Family Pool Trends

With the start of a rather warm, dry summer here in Wisconsin, we’ve decided to take the plunge (literally) and purchase a new above ground pool. We seem to outgrow these things every few years and I’ve become intrigued with the idea that we just keep buying larger and large cylinders of water. After some exhaustive research (which mostly involved looking through a lot of old photographs and estimating pool sizes), I present you with a timeline of our family’s pool history. The bubbles represent surface area and allow for relative size comparison.

Pool History (1997-2012)

Bubble Size = Pool Size

It is interesting to see that — with the exception of a few strays — we seem to buy a new pool every three years. It is also interesting to see the exponential growth in water volume that began about the time my daughter was born (when my son was four). If we keep up that pace, our next pool will be over 10,000 cubic feet — about the size of two 18-wheelers full of water.

You Are What You Watch

Experian-Simmons released some survey data in December that looked at the relative popularity of major television shows for three different political groups: liberal Democrats; conservative Republicans; and middle-of-the-road voters. Each show was given an index based on the concentration of specific voters and this information was used to create lists of the top programs for each political group in both entertainment and news categories.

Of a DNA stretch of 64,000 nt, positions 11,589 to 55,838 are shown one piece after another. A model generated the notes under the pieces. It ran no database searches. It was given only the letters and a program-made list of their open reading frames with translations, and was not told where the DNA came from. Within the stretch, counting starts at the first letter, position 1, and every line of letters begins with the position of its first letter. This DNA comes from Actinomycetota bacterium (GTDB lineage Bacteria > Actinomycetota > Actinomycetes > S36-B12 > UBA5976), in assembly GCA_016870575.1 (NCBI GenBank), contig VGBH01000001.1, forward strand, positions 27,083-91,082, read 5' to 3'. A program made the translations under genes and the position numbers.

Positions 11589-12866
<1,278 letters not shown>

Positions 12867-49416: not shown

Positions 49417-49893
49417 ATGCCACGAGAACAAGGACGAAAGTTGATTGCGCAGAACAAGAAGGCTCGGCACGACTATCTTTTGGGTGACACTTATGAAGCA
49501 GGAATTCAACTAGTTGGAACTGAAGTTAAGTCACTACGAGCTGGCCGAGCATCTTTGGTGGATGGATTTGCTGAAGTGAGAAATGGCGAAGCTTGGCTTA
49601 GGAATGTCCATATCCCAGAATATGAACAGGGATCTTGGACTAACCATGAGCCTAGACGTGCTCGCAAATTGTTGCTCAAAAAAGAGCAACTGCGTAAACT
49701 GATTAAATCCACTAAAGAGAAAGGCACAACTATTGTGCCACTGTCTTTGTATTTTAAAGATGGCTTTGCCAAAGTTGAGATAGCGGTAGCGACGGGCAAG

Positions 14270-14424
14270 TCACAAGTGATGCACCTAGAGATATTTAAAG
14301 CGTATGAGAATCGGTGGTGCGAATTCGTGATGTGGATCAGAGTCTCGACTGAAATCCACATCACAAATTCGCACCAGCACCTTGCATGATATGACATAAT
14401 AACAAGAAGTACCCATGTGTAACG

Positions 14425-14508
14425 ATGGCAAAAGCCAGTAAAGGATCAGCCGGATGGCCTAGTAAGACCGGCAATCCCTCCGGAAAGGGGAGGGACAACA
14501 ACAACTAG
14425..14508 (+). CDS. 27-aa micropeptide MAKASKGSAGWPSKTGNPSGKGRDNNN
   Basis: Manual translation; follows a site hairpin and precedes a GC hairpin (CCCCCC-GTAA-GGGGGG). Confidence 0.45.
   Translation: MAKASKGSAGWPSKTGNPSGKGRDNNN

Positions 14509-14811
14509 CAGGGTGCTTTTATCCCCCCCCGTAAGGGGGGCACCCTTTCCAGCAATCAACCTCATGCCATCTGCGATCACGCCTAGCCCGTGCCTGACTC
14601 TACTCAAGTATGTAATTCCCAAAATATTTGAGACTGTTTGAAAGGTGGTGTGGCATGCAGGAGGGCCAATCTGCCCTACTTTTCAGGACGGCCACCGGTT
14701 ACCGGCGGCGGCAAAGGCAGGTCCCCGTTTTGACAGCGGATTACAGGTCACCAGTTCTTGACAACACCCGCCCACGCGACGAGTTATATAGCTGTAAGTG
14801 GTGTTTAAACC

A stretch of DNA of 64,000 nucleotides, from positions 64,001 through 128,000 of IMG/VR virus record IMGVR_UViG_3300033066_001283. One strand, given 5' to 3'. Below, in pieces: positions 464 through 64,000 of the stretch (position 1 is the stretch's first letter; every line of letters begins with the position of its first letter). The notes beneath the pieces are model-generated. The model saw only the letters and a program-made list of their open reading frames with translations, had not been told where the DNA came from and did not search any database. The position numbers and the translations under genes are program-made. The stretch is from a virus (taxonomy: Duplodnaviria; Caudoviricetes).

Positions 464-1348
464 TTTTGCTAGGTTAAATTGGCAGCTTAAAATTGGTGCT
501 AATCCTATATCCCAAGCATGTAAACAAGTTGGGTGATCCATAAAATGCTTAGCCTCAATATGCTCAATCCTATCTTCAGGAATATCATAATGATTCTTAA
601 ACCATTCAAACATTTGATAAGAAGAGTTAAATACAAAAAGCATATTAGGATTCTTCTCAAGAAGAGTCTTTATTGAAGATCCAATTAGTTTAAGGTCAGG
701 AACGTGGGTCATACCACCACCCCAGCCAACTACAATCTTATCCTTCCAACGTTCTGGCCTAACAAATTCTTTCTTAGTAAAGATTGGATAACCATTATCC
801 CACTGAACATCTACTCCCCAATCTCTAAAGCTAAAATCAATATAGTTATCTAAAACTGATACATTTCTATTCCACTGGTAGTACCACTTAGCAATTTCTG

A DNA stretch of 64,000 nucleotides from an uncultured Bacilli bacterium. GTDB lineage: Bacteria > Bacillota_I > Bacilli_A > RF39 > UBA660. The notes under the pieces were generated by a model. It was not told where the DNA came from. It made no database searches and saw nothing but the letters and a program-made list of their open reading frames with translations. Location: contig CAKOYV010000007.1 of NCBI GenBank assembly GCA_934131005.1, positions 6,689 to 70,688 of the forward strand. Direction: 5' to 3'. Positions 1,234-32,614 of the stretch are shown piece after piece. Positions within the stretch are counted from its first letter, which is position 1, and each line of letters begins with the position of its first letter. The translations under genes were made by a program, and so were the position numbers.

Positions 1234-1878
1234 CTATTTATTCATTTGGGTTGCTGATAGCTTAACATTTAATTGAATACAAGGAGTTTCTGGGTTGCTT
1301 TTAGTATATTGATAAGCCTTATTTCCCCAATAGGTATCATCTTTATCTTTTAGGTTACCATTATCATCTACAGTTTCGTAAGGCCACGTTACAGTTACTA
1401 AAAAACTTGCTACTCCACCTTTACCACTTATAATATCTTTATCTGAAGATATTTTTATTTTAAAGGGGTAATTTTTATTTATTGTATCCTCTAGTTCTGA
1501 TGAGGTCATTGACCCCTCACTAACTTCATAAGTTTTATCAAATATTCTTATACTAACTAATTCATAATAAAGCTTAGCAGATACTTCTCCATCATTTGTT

Although these top ten lists were interesting on their own, the fact that each individual TV program actually had an index rating for all three groups offers an opportunity for more complex analysis. The most obvious next step involves comparing pairs of groups in a 2D scatterplot chart. The Tableau visualization below shows the results.

A few notes:

  • Entertainment shows are in blue, news shows are in orange.
  • Shows without enough data for a particular group were still plotted as a zero index.
  • Hovering over each data point reveals the show and its indices.


The first thing I noticed was that news shows were much more partisan than entertainment shows. In fact, almost all of the shows with the most extreme scores were either news shows (primarily FOX and MSNBC) or fake news shows (Comedy Central’s Daily Show and Colbert Report). PBS gets a few high scores on the liberal side but the standard television networks are all fairly evenly watched.